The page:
A photobook in search of context and sequence: The Monks Of Rural Thailand

monks rural thailandReview by Jeffrey Martin

Cracker, Lee. The Monks Of Rural Thailand. San Francisco: Blurb, 2014.

While American photographer Lee Cracker’s images have appeared in mass circulation publications, he has taken lately to self-publishing a number of Thai-based projects, including books on the 2014 coup and a collection of Bangkok street images.  If these are in any way similar to this volume on Buddhist monastics, they would benefit greatly from an editor familiar with the topic, and more fundamentally with visual narration.

The electronic version of The Monks of Rural Thailand is a 71-page pdf containing several lovely images of Thai bhikkhus engaged in typical monastic behavior. The images are accompanied by a brief description of Thai monasticism and a handful of Buddha quotes on the nature of suffering and liberation.  

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One of the impressive images featured in The Monks of Rural Thailand.

But the story, such as there is, feels incomplete and lacking direction.  Most of the images appear to have been taken at public events.  There are few private moments, such as monks in their quarters, or monks studying, or monks meditating.  But even if there were, it might be difficult for viewers unfamiliar with their world to understand what they are seeing.  Perhaps Cracker prefers a visual presentation that doesn’t require text, but I suppose the average viewer coming to this book would like to know what is pictured.  As someone who has studied Buddhism formally, as well as practiced among Asian Buddhists, I have some familiarity with Buddhist monastics, but even so a few of the images in this collection left me wondering exactly what was happening.  Cracker doesn’t even tell us in what part of Thailand these photos were taken.  In addition, sequencing is opaque.  There appear to be a set number of activities – praying, walking alms rounds, receiving donations, and taking part in ordination ceremonies – but the images are not suitably grouped and some seem to have no particular value in telling a story.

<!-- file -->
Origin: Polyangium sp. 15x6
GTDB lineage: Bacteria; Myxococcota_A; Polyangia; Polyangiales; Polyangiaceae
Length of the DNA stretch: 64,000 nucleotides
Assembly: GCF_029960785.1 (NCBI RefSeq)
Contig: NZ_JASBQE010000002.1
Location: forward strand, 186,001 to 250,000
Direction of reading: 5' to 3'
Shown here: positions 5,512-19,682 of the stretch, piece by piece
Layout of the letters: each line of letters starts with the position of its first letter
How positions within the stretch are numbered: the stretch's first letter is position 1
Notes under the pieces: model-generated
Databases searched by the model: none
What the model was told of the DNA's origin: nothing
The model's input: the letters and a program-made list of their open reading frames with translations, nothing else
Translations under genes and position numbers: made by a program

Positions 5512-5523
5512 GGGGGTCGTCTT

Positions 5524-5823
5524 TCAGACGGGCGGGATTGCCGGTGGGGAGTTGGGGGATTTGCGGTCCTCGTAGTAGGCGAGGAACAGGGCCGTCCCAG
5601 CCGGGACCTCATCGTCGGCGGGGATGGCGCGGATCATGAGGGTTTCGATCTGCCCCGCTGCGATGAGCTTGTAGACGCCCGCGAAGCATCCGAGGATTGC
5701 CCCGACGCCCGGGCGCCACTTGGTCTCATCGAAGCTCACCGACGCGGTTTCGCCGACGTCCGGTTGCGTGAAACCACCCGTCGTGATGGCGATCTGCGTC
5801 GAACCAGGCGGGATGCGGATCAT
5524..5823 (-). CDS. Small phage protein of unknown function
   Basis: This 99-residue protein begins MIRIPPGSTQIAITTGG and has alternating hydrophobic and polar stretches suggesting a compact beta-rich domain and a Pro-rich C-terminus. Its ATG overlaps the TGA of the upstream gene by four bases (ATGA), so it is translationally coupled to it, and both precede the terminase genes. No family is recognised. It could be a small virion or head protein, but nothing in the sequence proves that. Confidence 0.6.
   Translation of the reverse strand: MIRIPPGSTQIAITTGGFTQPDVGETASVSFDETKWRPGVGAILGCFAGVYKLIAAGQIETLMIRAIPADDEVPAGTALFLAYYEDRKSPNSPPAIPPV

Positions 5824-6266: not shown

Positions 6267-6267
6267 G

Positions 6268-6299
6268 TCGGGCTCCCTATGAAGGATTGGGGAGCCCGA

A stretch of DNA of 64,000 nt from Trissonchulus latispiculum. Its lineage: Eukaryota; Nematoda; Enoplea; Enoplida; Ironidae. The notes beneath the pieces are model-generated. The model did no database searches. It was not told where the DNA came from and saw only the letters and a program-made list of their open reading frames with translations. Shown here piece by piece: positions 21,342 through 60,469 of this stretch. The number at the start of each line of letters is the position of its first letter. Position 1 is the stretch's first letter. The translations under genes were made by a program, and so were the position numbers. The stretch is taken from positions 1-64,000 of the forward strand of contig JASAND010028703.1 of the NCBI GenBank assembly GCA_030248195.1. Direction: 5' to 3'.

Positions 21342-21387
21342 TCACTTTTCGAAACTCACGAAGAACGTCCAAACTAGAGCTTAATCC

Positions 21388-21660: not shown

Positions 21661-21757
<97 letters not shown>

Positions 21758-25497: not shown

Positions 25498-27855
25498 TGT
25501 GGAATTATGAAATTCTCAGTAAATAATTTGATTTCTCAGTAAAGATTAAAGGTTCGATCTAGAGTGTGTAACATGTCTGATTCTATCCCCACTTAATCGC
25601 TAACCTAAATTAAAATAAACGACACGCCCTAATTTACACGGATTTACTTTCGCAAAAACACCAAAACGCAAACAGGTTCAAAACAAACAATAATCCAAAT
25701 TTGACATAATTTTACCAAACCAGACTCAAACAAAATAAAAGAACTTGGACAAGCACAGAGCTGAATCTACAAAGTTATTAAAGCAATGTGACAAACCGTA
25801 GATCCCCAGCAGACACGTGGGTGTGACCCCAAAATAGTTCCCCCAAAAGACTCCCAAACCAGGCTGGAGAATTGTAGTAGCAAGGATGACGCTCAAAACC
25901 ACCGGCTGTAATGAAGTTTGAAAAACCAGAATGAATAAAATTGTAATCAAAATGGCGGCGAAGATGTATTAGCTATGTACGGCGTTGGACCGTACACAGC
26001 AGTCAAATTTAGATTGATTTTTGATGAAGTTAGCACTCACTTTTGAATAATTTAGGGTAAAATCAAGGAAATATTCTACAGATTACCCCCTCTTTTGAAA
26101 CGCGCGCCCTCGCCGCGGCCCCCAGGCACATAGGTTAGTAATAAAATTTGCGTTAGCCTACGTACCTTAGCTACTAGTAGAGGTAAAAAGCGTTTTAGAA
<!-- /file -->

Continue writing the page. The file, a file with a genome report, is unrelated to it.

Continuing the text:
Cracker is obviously an able photographer, as a look at his website will clearly demonstrate.  A revised and expanded version of his Thai monastic project would be a welcome addition to his body of published work.

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Who is this person, why is he being carried, by whom? Why does the lintel need to be touched?

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Beautiful processing but to what effect? What is happening here?

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What is the purpose of this photo? What story does it tell? How does the quote enliven the image?

 

A profile of Lee Cracker from the Bangkok Post: 
http://www.bangkokpost.com/learning/learning-together/413931/monks-in-rural-thailand

Lee Cracker’s website:
http://leecraker.photoshelter.com/#!/index

Buy the electronic version of The Monks of Rural Thailand:
https://gumroad.com/l/monks

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